By Yan Chen
Micro and small enterprises together represent the largest employers in many developing countries. However, they often find their growth stifled by a lack of access to credit or other financial services. To address this issue, microfinance programs provide small loans and other financial services to encourage entrepreneurial development. Currently, about 10 million households worldwide are served by these microfinance programs, which help very poor households meet basic needs, improve household economic welfare and promote entrepreneurship (cgap.org). Nonetheless, this number is only a small fraction of those in need.
The Internet provides opportunities for ordinary people around the world to support entrepreneurial activities through the process of online microlending. One such opportunity is provided by Kiva. Founded in October 2005, Kiva is the world’s first peer-to-peer microfinance website. Specifically, it partners with microfinance institutions and matches individual lenders with low-income entrepreneurs in developing countries as well as selected cities in the United States.
Through Kiva’s platform, anyone can make a zero-interest loan of $25 or more to support an entrepreneur. Since its inception, Kiva has increased its membership significantly. As of March 18, 2013, more than 1.3 million lenders across 208 countries have contributed $400 million in loans, reaching over one million borrowers in more than 65 countries. Kiva has transformed the entrepreneur lending model, creating a new form of capital market enabled by information technology.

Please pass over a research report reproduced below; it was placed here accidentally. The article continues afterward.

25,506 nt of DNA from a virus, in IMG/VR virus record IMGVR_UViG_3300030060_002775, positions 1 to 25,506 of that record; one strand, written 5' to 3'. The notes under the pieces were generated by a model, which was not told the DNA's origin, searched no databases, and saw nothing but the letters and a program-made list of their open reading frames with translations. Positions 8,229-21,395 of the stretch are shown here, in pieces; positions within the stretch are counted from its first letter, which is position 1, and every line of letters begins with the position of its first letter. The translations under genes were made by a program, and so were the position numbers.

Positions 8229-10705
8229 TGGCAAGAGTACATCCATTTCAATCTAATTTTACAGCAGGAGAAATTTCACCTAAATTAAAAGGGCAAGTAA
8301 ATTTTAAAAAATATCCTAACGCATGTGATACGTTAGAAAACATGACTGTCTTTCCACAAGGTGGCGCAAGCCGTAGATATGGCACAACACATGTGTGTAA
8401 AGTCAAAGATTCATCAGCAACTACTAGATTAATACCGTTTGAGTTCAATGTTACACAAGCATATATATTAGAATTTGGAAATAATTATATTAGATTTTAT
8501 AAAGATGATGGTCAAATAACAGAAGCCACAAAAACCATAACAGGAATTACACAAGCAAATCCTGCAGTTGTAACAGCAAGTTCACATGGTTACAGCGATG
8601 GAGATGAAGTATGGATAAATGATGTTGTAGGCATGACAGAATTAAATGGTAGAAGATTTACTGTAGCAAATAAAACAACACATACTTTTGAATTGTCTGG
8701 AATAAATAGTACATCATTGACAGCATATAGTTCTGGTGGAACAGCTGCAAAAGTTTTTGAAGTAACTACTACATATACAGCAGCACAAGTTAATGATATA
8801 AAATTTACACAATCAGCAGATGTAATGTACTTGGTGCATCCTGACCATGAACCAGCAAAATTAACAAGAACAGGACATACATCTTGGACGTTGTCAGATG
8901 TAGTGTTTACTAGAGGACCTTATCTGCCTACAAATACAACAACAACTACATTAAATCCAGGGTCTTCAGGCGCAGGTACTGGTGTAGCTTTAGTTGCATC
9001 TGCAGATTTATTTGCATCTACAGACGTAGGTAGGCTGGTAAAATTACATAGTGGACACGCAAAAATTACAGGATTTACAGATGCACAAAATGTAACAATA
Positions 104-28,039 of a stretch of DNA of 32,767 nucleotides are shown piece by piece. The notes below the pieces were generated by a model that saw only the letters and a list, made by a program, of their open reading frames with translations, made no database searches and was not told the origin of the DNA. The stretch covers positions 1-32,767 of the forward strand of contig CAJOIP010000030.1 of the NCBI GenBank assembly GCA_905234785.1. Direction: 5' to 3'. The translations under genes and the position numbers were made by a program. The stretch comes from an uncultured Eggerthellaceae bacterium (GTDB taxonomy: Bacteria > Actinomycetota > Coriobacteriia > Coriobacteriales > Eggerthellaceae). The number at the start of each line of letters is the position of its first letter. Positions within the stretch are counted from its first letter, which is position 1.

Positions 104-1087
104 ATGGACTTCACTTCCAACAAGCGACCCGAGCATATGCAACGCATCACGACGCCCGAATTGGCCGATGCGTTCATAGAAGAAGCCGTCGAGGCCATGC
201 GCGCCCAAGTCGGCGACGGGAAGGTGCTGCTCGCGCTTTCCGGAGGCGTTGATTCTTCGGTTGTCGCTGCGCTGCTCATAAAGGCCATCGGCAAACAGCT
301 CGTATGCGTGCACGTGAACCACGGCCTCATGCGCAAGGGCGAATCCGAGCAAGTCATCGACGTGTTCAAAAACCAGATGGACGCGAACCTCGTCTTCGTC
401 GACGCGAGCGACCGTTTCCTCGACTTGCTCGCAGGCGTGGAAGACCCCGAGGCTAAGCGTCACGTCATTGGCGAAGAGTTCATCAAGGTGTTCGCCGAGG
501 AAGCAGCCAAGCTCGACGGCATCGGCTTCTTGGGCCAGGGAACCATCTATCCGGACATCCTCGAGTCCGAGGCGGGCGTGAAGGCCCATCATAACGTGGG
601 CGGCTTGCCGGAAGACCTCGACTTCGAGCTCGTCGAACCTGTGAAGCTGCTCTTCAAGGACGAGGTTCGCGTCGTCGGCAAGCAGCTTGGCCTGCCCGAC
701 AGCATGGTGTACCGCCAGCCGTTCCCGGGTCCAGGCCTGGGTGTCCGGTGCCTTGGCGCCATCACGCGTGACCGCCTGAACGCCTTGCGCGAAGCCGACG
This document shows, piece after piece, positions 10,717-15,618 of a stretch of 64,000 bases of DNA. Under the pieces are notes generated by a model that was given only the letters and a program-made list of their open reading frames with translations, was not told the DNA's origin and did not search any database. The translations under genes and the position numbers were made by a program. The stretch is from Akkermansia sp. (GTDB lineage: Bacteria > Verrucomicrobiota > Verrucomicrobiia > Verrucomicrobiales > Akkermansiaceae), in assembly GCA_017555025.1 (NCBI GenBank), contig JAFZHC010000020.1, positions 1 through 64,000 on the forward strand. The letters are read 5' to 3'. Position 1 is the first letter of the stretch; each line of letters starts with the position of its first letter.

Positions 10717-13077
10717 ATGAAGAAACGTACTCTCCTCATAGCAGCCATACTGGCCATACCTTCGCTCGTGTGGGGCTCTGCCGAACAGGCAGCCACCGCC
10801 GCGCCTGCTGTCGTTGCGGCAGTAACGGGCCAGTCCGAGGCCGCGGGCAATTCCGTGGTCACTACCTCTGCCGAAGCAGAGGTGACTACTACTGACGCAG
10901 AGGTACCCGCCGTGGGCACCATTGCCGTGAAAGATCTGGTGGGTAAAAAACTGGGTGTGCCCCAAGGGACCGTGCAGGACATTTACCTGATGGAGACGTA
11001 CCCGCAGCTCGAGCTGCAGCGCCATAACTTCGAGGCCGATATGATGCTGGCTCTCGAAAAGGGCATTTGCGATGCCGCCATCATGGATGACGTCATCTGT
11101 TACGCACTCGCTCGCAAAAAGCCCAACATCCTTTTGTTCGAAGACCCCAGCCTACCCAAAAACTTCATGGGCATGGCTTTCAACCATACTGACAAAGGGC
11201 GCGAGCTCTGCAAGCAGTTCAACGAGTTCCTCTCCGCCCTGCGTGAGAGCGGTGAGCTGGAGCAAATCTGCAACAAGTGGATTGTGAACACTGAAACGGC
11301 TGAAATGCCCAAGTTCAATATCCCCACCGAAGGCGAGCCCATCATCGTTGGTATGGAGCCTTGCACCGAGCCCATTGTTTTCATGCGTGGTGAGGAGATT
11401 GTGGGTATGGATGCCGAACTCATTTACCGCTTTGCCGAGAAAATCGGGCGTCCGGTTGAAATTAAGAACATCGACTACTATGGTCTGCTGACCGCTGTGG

In our NSF-funded research project, we explore the structure and effectiveness of the Kiva model. In particular, we investigate the effect of team membership on pro-social lending. We do so through both an empirical analysis of naturally-occurring field data and a randomized field experiment which explores the effectiveness of goal setting and coordination within a lending team.
Using data collected through Kiva’s official API, we find that while 64% of lenders have made at least one loan, 36% have never made a single loan. This highlights the main issue that Kiva faces. The membership of Kiva, along with the number of loans made through Kiva, has increased greatly since Kiva’s inception. However, while a few lenders make many loans, many lenders make only a few or no loans. Indeed, Premal Shah, the president of Kiva, indicates that many Kiva lenders lend once, but then never come back to the site, despite the fact that their loans have been repaid and thus they could make another loan at no additional cost.
To combat this problem and increase lender engagement, in August 2008, Kiva instituted a lending teams program. Any lender is allowed to create or join any number of teams. When that lender next makes a loan, a prompt asks whether to assign that loan to one of the lender’s teams.